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Not every family comes together by way of conventional circumstances. Some, like Josh Blumenthal and his family, take a more circuitous route. When Josh, a 68-year-old Croton resident married his second wife, who is black, in 1982, she came with three children from a previous relationship; he had two from his first marriage. Josh says he reveled in his new biracial Brady Bunch setup, but he didn’t know then that one day he and his wife would have primary responsibility for their grandson Jordan, whom the couple adopted at age 4 when Elise—Jordan’s mother and one of Josh’s stepchildren—was unable to care for him.

Though he was old enough to be Jordan’s grandfather, Josh embraced the role of father with both vigor and enthusiasm. “I used to tell Jordan that the only difference between us is 50 years,” shares Josh, whose fluid manner and muscular forearms seem to testify to Jordan’s active upbringing. “We did so many things together while Jordan was growing up. I’m a handyman, so Jordan used to help me make and fix things. We used to play touch football in the snow when he came up to my waist and basketball when he couldn’t even reach the hoop with the ball. I coached his Little League and soccer teams and taught him to swim and ride a bike. Jordan never needed a lot of toys lying around. He had one old toy—me!”

Josh’s marriage ended in 2004, but what endured is the closeness he and Jordan enjoyed from the start. Today, Jordan is a strapping 18-year-old sports star who co-captained his Croton Tigers football team, wrestled, and played lacrosse en route to his athletic scholarship at Western New England University. But while Jordan is unequivocally one of the main joys of Josh’s life, he is not the only one. Elise’s other child, Tamera, who was raised by Elise, has also emerged as an essential member of this modern-day nuclear family. Tall and pretty yet disarmingly demure for an all-star soccer goalie at Munay Soccer Academy in Ossining, Tamera seems to be blossoming a little more every day.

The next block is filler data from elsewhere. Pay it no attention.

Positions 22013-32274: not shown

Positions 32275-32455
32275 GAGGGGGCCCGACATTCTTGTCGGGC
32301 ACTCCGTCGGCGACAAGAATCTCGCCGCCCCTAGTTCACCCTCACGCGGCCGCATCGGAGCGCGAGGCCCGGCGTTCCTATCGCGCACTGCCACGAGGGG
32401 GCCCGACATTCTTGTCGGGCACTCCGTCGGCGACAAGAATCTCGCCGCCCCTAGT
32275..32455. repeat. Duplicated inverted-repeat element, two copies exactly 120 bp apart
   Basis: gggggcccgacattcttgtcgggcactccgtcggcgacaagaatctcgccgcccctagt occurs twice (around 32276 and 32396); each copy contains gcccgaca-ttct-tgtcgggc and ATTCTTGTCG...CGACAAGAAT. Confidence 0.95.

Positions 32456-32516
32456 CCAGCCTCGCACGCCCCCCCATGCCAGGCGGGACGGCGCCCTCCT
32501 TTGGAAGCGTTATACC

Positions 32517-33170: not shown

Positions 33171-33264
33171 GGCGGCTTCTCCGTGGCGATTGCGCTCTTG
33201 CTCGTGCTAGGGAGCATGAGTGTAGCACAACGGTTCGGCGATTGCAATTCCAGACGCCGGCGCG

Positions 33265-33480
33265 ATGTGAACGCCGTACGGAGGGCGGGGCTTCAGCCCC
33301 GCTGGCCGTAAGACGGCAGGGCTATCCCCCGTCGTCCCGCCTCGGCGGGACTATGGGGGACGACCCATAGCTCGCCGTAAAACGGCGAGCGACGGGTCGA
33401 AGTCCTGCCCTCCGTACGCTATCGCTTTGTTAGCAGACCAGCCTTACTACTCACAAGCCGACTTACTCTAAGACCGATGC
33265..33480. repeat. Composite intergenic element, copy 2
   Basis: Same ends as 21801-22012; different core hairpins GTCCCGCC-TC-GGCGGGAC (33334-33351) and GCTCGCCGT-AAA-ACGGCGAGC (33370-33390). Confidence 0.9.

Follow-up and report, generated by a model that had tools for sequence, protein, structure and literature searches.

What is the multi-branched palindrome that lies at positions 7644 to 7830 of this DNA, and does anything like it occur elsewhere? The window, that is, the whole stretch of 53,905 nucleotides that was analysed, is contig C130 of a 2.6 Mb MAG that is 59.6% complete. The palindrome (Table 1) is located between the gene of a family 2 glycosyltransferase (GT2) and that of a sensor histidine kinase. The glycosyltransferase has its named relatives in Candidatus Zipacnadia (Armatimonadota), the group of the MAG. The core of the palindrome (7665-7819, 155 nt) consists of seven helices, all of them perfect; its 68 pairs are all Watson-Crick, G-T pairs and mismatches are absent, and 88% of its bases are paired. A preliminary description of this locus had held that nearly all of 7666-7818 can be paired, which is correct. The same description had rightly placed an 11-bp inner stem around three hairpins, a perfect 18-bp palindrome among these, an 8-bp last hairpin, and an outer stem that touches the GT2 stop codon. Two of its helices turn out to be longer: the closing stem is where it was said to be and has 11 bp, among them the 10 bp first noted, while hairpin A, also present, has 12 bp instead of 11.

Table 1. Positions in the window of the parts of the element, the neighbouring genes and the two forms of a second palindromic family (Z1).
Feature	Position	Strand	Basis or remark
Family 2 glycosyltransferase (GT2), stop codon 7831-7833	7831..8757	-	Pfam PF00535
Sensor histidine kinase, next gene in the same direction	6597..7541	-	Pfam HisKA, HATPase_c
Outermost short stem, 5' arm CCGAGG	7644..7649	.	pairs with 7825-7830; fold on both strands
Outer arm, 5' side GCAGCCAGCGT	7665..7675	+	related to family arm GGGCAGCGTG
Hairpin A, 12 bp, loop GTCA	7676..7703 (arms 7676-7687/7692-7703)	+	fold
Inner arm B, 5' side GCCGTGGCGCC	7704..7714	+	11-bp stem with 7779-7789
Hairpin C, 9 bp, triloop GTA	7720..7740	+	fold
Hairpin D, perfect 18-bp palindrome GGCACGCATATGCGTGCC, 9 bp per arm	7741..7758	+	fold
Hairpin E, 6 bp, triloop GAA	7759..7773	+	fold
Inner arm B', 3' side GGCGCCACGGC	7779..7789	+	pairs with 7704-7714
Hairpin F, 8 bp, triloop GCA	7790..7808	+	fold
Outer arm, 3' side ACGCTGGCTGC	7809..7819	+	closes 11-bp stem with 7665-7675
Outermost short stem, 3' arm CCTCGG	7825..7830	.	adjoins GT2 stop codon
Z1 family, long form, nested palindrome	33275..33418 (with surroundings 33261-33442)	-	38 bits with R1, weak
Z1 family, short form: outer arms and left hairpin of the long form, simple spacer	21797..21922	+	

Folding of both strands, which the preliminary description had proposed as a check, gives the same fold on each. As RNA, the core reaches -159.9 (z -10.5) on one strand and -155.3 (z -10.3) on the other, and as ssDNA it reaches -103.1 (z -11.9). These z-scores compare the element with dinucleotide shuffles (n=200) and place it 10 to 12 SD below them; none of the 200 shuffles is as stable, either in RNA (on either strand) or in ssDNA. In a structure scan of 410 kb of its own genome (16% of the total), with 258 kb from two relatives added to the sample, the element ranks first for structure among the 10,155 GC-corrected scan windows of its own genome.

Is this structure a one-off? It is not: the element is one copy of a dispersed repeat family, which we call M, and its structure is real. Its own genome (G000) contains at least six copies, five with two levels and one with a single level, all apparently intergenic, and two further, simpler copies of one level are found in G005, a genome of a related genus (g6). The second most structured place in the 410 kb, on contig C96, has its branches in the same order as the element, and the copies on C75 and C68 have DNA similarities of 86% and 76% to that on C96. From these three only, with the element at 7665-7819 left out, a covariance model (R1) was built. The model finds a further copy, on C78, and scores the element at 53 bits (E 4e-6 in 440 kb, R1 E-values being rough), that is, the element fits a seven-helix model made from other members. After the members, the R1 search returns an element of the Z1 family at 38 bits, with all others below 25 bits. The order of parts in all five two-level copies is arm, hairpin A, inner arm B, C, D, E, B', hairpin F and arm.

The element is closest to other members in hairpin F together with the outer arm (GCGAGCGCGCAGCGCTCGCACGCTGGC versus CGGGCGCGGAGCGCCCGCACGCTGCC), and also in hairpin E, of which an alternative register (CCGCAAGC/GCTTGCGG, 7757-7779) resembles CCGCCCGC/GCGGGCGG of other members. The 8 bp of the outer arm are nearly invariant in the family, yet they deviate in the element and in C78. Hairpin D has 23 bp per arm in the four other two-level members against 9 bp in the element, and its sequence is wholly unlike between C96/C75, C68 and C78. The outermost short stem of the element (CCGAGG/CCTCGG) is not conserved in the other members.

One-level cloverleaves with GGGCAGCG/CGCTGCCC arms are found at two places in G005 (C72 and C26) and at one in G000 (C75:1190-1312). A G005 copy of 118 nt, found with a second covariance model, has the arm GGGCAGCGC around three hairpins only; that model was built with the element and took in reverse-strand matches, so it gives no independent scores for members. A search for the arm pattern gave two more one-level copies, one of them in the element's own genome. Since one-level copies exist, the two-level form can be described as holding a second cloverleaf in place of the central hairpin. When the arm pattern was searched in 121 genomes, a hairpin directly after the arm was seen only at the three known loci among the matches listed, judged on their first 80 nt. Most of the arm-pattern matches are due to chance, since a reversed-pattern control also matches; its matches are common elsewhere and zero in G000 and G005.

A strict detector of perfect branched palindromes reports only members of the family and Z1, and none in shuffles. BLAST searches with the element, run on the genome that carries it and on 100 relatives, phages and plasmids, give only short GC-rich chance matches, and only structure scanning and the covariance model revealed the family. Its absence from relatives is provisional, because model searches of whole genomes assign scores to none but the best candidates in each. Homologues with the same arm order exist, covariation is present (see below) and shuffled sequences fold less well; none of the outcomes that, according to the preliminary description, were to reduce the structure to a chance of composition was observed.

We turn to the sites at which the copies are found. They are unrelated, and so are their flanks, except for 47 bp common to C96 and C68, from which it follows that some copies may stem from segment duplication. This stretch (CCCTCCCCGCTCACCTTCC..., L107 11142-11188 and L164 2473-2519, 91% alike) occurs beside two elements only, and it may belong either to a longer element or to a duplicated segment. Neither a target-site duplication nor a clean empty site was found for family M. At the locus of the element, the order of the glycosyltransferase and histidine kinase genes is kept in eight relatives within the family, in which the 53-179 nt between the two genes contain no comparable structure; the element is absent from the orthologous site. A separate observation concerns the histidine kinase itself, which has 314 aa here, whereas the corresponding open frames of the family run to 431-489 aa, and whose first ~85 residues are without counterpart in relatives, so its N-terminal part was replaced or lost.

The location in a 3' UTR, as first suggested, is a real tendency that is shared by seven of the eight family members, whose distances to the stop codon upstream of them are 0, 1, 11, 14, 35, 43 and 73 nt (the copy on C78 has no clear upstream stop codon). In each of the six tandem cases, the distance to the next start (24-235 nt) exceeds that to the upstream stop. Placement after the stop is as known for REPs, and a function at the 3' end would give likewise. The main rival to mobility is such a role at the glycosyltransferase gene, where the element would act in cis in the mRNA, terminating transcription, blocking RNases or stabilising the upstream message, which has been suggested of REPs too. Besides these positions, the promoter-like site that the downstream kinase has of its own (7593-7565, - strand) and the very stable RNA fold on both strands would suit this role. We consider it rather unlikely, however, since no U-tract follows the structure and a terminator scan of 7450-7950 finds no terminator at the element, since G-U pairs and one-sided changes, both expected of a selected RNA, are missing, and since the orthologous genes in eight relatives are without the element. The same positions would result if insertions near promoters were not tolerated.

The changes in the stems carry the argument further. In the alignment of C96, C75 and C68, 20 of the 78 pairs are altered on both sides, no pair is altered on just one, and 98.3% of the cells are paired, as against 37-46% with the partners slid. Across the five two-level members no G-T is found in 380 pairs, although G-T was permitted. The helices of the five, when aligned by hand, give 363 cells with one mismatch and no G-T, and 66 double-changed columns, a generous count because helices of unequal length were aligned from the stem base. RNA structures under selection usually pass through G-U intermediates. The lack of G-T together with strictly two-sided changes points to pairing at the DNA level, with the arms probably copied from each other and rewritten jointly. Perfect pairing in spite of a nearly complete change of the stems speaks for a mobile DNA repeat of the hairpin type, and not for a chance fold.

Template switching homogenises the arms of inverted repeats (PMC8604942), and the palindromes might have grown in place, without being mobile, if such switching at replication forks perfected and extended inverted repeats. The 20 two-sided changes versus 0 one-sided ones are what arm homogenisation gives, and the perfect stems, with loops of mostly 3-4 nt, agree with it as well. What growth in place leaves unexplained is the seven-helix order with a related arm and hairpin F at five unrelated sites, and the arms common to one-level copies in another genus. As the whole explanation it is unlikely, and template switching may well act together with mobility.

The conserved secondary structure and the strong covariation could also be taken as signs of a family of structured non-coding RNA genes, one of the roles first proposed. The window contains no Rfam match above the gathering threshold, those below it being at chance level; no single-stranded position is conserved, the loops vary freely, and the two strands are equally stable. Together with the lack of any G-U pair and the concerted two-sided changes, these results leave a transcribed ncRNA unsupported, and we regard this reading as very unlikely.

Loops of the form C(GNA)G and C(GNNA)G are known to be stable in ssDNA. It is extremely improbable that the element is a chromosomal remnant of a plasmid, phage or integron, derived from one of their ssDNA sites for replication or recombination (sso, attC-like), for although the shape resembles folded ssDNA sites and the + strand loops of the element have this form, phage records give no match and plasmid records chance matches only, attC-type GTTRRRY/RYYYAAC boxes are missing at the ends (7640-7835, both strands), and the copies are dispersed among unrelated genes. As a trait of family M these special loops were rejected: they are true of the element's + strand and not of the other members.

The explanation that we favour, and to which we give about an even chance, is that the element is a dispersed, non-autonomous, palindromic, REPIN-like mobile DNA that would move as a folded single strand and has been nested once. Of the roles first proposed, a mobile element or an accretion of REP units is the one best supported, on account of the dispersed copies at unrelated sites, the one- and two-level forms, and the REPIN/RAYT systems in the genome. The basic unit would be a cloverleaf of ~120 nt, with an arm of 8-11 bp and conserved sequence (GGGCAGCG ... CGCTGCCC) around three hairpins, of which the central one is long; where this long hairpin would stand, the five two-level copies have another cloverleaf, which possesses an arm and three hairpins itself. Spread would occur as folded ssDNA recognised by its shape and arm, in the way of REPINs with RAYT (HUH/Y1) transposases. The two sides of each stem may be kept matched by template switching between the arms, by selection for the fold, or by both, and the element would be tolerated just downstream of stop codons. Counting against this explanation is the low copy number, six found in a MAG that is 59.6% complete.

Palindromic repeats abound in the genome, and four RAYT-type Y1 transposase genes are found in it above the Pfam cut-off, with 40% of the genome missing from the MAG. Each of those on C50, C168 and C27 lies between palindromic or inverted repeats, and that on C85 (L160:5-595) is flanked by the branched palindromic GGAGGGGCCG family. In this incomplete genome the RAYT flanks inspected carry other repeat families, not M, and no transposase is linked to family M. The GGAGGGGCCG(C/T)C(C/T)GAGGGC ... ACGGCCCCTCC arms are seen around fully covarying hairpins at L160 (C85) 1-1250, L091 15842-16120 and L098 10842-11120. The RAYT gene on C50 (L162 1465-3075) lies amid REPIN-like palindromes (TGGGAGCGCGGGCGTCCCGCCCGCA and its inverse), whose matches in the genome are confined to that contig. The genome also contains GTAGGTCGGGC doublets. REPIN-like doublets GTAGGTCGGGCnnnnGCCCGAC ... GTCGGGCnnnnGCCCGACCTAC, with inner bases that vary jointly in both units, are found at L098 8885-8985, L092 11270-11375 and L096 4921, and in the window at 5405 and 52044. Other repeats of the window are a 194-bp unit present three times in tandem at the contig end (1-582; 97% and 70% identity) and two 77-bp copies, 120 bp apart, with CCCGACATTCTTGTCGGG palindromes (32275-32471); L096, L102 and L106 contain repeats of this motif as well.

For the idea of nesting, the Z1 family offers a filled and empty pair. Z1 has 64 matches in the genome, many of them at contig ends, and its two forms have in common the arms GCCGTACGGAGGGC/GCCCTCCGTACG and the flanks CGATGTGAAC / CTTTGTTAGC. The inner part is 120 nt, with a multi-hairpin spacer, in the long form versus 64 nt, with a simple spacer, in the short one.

Jordan snuggles with his baby half-sister Tamera

“I’d say there’s really nothing unusual about the relationship between Jordan and Tamera,” Josh says. “Whatever the classic stereotypes about what an American brother and sister are would pretty much apply to them, as well.”

As with any standard-issue American brother, one of Jordan’s favorite family pastimes is needling his younger half-sister. “[Jordan] hangs out in my room when he’s over, just to annoy me,” says 12-year-old Tamera, who also plays basketball for two different teams. When Tamera’s allegation is lightheartedly challenged, Jordan wastes no time rushing to his sister’s defense, saying, “No, she’s right; it’s just to annoy her.”

Still, Jordan protects his kid sister in ways she may not even be aware of.  “When Tamera went to a movie not long ago,” Josh shares, “Jordan protested that its content was too adult and therefore inappropriate for her. So, he definitely looks out for her.”

Together, these fantastic four have formed a loving, if unconventional, family, regardless of how much time they spend under the same roof. When asked if their status as an interracial family has ever been an issue, Josh doesn’t miss a beat answering.

When family bonds trump bloodlines: Josh Blumenthal’s step-grandson, Jordan, has been helping him with his handywork for years

“My life has basically been spent in two places—Mount Vernon and Croton,” he says, “and I can tell you honestly that I’ve never felt ostracized, disapproved of, or discriminated against here in Westchester. It was a different story in Ithaca, when I was in college at Cornell, but not down here. I’m certain my kids and grandkids would tell you the same thing.”

“I was aware of racism in middle school, but it never got to a physical level,” Jordan comments. “It seems to have tapered off in high school a lot. I think it’s almost out the window now.”

The troop has some big plans for the summer, especially since it’s their last together before Jordan heads off to college. Tamera is strenuously campaigning for an excursion to a water park, while Jordan says he’d be into a barbecue with their extended family. Elise, of course, would like to do both, but whatever the plans wind up being, rest assured that they’ll all be there together.

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